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November 11, 2003
Jim Hageney says the phones are ringing a lot these days as the mutual fund scandals continue to unfold.
Hageney, a retirement plan consultant with Sterling Investment Advisors Ltd. in Berwyn, says many local companies have their 401(k) plans with Putnam Investments and Alliance Capital Management -- two respected fund companies at the center of the scandals. And it's getting to the point where people are going to have to make some decisions about whether they should stay put or jump ship.
February 7, 2003
Campbell Soup Co. has agreed to a $35 million settlement of a class-action lawsuit alleging that it artificially inflated sales and earnings in the late 1990s by setting up "sham shipments" of soup.
The Camden company said yesterday that the payment would be covered by insurance and that it was not admitting misconduct. . . .
November 10, 2000
Rite Aid, the large drugstore chain that was forced to restate its earnings last year, settled shareholder class-action lawsuits yesterday by agreeing to pay $200 million in cash and securities and by agreeing to help shareholders in their lawsuits against the company's former top management and auditors. The agreement left Martin Grass, Rite Aid's former chairman; Timothy Noonan, its former president; and Frank Bergonzi, its former chief financial officer, to fend for themselves. The company assigned to the plaintiffs any claims it had against the three men, as well as any claims it might have against KPMG, its former auditors.
May 31, 1999
As of late May, 1999, the price of gold has slumped to a record 20-year low. Some pro-gold lobby groups have asserted that the decline in the price of gold is due to a conspiracy involving large corporations and the government. These two groups have combined together to cut the price of gold. Conspiracy theories were given a boost by the Bank of England's decision to sell off its gold stocks during the week of 24-28 May, 1999. Berger & Montague, a United States-based legal firm, has been requested by the Gold Anti-Trust Action Committee to examine whether or not gold prices have been manipulated.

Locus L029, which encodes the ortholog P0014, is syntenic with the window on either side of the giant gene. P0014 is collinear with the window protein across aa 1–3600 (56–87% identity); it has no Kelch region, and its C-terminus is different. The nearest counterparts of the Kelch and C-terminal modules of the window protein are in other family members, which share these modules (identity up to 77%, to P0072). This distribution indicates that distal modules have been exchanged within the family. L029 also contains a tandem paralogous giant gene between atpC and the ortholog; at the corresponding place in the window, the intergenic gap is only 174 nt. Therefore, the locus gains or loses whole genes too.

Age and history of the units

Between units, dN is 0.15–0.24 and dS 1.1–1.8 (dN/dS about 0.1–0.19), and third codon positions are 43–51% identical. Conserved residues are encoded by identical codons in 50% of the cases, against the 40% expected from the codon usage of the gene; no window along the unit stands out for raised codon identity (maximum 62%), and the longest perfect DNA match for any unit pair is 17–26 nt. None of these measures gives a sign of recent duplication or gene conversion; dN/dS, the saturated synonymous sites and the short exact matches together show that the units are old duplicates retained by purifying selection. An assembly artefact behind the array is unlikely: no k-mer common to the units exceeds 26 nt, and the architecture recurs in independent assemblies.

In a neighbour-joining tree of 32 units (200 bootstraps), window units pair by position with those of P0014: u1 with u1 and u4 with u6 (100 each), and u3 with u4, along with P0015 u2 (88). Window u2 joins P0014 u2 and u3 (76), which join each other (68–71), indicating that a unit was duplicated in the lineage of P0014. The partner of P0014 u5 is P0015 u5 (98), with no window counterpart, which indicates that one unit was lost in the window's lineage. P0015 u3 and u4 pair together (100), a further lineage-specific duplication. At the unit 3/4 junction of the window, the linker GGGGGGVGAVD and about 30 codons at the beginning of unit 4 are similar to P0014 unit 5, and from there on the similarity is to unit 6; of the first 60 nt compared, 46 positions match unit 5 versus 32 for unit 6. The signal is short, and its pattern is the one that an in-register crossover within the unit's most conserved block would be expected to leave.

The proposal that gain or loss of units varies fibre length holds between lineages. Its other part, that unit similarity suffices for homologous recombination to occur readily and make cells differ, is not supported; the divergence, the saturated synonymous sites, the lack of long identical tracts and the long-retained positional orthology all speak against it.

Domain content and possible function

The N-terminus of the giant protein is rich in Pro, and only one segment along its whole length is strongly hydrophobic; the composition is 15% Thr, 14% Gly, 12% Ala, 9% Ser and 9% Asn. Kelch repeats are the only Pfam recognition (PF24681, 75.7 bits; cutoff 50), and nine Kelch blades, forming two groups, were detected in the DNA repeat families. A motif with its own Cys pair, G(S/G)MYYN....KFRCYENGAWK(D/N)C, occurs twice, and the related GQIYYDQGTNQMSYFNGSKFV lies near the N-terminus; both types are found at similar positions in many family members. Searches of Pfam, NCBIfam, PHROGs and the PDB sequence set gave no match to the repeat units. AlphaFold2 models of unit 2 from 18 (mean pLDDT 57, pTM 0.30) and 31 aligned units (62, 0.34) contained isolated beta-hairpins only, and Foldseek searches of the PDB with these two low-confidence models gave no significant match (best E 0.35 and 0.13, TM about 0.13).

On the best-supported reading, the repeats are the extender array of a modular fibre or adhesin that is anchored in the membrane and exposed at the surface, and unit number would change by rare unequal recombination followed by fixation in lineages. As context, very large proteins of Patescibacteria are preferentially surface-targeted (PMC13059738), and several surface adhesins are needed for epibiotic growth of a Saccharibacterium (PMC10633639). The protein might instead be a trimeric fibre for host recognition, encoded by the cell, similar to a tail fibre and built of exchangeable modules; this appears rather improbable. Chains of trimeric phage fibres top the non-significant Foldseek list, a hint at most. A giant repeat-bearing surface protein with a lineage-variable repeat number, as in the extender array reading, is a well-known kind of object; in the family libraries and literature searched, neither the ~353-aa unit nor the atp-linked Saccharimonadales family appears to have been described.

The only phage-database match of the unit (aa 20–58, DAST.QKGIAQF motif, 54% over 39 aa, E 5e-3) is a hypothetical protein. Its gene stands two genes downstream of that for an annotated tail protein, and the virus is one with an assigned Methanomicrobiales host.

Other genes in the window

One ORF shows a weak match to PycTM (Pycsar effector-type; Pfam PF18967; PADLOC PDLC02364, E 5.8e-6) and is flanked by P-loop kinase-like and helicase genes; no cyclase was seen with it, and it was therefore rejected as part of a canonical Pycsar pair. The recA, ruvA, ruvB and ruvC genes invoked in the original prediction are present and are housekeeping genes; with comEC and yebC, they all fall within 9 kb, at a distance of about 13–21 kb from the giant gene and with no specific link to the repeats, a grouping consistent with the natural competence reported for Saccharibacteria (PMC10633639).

November 27, 1998
. . . Investigations are under way. Class-action lawyers are having a field day. "We are judicious about suing accountants," says Sherrie Savett, partner at Berger & Montague in Philadelphia. "We don't sue them unless we have the evidence." Berger & Montague are class-action terriers. In January, 1997, they settled out of court with Ernst & Young over its work for Regal Communications, an infomercial outfit that had reported phony earnings. The firm is currently either lead or supporting counsel in suits against Boston Chicken and its auditors, Arthur Andersen; Waste Management and its auditors, Arthur Andersen; Livent and theirs, Deloitte Touche; and Cendant and, thereby, Ernst & Young. . . .
July 19, 1996
Following through on months of threats, state Attorney General Richard Blumenthal on Thursday filed a $1 billion lawsuit against the tobacco industry -- the largest civil lawsuit ever brought by the state of Connecticut. The suit names 10 companies as defendants, including four tobacco giants who filed a pre-emptive suit against Blumenthal in federal court last month: Philip Morris, R.J. Reynolds, Brown & Williamson and Lorillard. Blumenthal called the suit historic and said it was "unprecedented, not only in the amount of money it is seeking to recover, but in the level of public interest" in winning damages from the tobacco companies.
June 12, 1993
A fund set up by the former Wall Street arbitrager Ivan F. Boesky distributed $31 million yesterday to investors who were defrauded by his insider-trading activities in 1985 and 1986. The payments, approved by Federal Judge Milton Pollack in Manhattan, are being made to 6,001 investors, according to David Berger, a lawyer for investors who sued Mr. Boesky.
April 21, 1992
Somewhere out there - in New York, probably, but perhaps also in Sweden, Mexico or even tiny Liechtenstein - Michael Milken had victims we haven't heard from yet. Daniel Berger, of Berger &Montague law firm in Philadelphia, hopes some of them read newspapers. Tomorrow, Berger &Montague, one of the country's pre-eminent practitioners of the class-action lawsuit, will launch what Berger says is the most exhaustive effort ever to...
June 24, 1989
The Department of Energy has reversed its longstanding policy and agreed to make available to independent researchers the health records of 600,000 people who have worked at nuclear weapons plants since the early 1940's. . .
March 31, 1989
The pent-up anger and frustration of townspeople here spilled over today as an expanding oil slick sent its first tentacle out of Prince William Sound into the Gulf of Alaska. Angry shouting broke out at a news conference called by officials of the Exxon Shipping Company, whose tanker the Exxon Valdez ran onto a reef last Friday and spilled 240,000 barrels of crude oil into waters rich in salmon, herring and other marine life. Townspeople said the effort to contain and clean up the spill had been slow and ineffective, and a lawsuit was filed against Exxon and the pipeline consortium in Federal District Court Thursday seeking relief for all people who suffer damages. F.B.I. Opens Inquiry
In 2010, Berger & Montague was named to the National Law Journal's "Plaintiff's Hot List" for the 7th time in 8 years. The NLJ designated the firm to it's Hall of Fame for having been recognized on the list in 2003-2005 and 2007-2010.
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